There is a section in the book entitled "The Best Things in Life are Free."  Certainly hygge can be done frugally.

And yeah...it doesn't seem to me from what I've read so far that hygge fits the whole SMART goals model.  Quite the opposite. 

birdman2003

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Re: The Little Book of Hygge: The Danish Way to Live Well
« Reply #5 on: December 22, 2017, 12:18:13 PM »
We vacationed in Denmark this summer and our AirBnB hosts in Copenhagen had this book in our room that we rented.  My wife and I both enjoyed reading it and noticed that the Danes do like and live hygge.  Our hosts were awesome, and I would definitely visit Denmark again.  My favorite part about hygge is that if you have friends over, the burden of entertaining should not fall on one couple, but all the people at the party help with cooking and clean up.  It affords more time for visiting and reduces barriers to "I can't have people over because it would be too much work."  We also now try to have candles lit in our house on a regular basis.

BPA

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Re: The Little Book of Hygge: The Danish Way to Live Well
« Reply #6 on: December 22, 2017, 12:26:40 PM »
We vacationed in Denmark this summer and our AirBnB hosts in Copenhagen had this book in our room that we rented.  My wife and I both enjoyed reading it and noticed that the Danes do like and live hygge.  Our hosts were awesome, and I would definitely visit Denmark again.  My favorite part about hygge is that if you have friends over, the burden of entertaining should not fall on one couple, but all the people at the party help with cooking and clean up.  It affords more time for visiting and reduces barriers to "I can't have people over because it would be too much work."  We also now try to have candles lit in our house on a regular basis.

I like that pressure being off too!  It seems definitely to be more about relationships and experiences than appearances than I am used to.  Certainly, when my boyfriend's mother comes over and makes comments about how she thinks my backyard is overgrown (I actually like a lot of shade in the backyard) or my level of housekeeping, I only feel stressed and like having her over less. 

The guy who wrote it works for the Happiness Research Institute in Copenhagen. 

StarBright

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Re: The Little Book of Hygge: The Danish Way to Live Well
« Reply #7 on: December 22, 2017, 12:42:27 PM »
I love the concept and find it a pleasant way to approach cold weather but found this snarky article about hygge absolutely delightful:
https://www.bonappetit.com/story/what-is-hygge


BPA

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Re: The Little Book of Hygge: The Danish Way to Live Well
« Reply #8 on: December 22, 2017, 12:57:20 PM »
I love the concept and find it a pleasant way to approach cold weather but found this snarky article about hygge absolutely delightful:
https://www.bonappetit.com/story/what-is-hygge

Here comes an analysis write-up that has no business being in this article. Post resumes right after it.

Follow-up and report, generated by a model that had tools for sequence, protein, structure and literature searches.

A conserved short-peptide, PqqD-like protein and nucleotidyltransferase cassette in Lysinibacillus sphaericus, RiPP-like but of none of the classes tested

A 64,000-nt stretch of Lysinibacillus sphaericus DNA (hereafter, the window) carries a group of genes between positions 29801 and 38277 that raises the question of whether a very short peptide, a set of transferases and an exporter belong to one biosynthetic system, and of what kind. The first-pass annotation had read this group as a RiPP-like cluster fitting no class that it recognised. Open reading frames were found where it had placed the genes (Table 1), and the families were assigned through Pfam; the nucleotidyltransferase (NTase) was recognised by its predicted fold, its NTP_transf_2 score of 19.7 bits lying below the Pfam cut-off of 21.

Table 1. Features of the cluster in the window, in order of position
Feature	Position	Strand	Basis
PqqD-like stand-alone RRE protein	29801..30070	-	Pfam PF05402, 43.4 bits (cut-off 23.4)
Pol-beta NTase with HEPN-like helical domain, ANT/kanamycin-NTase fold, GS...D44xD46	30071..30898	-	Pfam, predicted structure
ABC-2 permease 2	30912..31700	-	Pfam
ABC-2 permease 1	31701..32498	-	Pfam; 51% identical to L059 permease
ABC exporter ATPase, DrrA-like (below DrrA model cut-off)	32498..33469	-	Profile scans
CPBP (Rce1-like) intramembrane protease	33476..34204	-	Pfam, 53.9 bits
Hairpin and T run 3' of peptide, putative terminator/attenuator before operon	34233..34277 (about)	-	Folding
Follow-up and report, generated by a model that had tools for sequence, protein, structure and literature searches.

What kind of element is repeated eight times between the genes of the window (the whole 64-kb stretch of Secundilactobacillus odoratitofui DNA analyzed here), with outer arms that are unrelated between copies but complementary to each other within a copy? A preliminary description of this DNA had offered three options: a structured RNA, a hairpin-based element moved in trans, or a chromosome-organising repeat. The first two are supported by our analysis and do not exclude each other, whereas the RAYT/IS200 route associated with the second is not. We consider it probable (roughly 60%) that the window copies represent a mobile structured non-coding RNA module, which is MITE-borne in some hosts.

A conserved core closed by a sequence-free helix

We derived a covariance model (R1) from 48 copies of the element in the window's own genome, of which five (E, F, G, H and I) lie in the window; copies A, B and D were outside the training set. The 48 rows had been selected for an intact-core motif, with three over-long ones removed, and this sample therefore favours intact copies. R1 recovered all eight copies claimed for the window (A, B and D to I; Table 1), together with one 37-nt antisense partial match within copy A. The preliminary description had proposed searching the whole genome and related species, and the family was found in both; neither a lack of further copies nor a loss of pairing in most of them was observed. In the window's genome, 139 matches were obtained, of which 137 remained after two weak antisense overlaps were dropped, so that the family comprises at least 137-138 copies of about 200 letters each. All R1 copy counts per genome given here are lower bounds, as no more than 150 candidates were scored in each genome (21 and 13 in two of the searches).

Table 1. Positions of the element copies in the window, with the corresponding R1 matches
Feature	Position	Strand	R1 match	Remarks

Ha!  That's hilarious.  Almost like it could be dovetailed with that Williams-Sonoma parody.  I especially thought this part was funny:  "Itís important that you know that hygge is not cutsey, but is cute. For example, it is not something with a bunny on it, but rather, something that a bunny would use, if a bunny had a kitchen."


BPA

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Re: The Little Book of Hygge: The Danish Way to Live Well
« Reply #9 on: January 02, 2018, 05:56:15 PM »
Well, finished the book and loved it. At first I was afraid it might go in a spendy direction (which is fine I could just adapt for what I'd like it to be), but then I read the chapter Hygge on the Cheap and found this:

"Hygge might be bad for market capitalism, but it may prove to be good for your personal happiness. Hygge is appreciating the simple pleasures in life and can be achieved with very little money."

Also, bike riding is a part of it.  There is a section of a chapter entitled "Bikes and Happiness."  Very MMM indeed.

So, while I've always loved getting cozy (particularly in the winter), I'm glad I found this book. 

StarBright

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Re: The Little Book of Hygge: The Danish Way to Live Well
« Reply #10 on: January 02, 2018, 07:48:13 PM »
I love the concept and find it a pleasant way to approach cold weather but found this snarky article about hygge absolutely delightful:
https://www.bonappetit.com/story/what-is-hygge

Ha!  That's hilarious.  Almost like it could be dovetailed with that Williams-Sonoma parody.  I especially thought this part was funny:  "Itís important that you know that hygge is not cutsey, but is cute. For example, it is not something with a bunny on it, but rather, something that a bunny would use, if a bunny had a kitchen."

BPA- that was my favorite line too! And also the caption on the picture of the man cooking in front of his yurt.

Suzanne

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Re: The Little Book of Hygge: The Danish Way to Live Well
« Reply #11 on: January 08, 2018, 01:12:12 AM »
Book of Hygge is good i have gone through it.